Increased Risk Means We Need to Increase Training

Threats are constantly evolving and your training and testing must also evolve to counter these threats and keep your defense robust.

A cyberattack is a malicious and deliberate attempt by and individual or an organization to breach the information system of another individual or company, seeking benefit from the disruption, ransom, or theft of data.

This electronic threat is increasing in frequency and complexity and has become very expensive to remediate or to recover from.

Here’s the surprise – almost 90 percent of cyberattacks are caused or allowed by human error from the internal staff of the entity attacked.

This includes failure to follow security rules and protocols, sharing passwords, using weak or default settings, and falling victim to social engineering.

Even the large events such as the hacking at Equifax and Target, were caused by failure to follow the rules regarding administrative password settings, human error.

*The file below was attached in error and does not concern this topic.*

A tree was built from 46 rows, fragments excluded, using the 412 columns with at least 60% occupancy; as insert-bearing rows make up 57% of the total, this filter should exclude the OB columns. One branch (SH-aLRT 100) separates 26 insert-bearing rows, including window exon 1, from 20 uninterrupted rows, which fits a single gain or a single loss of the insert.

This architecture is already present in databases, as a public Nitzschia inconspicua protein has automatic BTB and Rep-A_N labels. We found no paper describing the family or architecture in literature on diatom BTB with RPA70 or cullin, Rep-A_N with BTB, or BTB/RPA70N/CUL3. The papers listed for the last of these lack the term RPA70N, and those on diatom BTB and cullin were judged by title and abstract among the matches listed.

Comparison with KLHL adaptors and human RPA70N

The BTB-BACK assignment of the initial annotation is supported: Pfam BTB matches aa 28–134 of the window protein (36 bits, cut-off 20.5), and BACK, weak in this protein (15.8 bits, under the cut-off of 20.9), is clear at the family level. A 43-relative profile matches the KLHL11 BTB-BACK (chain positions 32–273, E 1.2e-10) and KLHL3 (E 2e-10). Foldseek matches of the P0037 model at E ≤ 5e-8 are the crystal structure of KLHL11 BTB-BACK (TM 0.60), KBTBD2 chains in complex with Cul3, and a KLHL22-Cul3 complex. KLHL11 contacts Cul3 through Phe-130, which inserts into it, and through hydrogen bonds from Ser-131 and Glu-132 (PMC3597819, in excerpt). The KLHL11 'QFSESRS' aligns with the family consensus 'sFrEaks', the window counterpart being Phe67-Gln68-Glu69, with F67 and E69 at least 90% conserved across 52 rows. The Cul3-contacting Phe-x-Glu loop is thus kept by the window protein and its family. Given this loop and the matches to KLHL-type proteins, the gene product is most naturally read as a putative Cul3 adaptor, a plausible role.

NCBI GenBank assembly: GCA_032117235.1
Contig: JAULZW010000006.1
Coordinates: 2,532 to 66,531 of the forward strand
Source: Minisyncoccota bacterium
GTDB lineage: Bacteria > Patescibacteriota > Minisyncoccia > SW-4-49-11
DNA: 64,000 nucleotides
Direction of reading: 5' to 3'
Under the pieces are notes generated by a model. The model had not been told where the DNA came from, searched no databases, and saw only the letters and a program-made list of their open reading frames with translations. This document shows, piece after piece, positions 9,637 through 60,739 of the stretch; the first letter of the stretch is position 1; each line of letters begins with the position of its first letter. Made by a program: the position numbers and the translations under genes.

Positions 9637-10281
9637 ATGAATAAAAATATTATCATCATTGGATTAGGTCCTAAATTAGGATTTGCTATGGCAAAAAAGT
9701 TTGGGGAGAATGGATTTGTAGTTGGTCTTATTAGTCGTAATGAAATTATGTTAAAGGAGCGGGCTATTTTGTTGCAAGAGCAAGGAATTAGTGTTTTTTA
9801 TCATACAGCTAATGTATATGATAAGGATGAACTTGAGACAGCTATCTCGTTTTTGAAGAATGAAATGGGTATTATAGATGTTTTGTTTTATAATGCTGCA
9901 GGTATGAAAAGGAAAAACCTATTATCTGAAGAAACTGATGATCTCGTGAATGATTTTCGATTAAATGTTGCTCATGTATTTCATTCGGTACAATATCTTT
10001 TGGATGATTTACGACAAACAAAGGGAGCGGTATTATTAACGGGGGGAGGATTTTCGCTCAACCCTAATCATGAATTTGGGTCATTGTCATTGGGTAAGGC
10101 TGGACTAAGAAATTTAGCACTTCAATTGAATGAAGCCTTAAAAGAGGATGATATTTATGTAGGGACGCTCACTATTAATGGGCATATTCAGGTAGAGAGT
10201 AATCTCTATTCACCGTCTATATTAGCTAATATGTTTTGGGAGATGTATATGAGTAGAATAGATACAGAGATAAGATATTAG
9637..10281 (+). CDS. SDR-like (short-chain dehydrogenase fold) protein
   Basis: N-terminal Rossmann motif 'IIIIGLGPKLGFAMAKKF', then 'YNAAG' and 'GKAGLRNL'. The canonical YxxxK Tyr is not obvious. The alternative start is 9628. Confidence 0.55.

So whether your business is large or small, you need ongoing, strong training and testing to counter the threats.

Recent survey results of a survey of title insurance professionals by the American Land Title Association show a surprisingly small amount of agents are conducting ongoing staff training, and most do it once when they hire an employee.

This is a recipe for eventually becoming a victim of electronic fraud.

There are simple yet effective steps to take to counter the increasing threats by taking a strong defense, and it starts with regular training and testing to remove or reduce the human error element.

Here is what to do to put a training and test plan into action: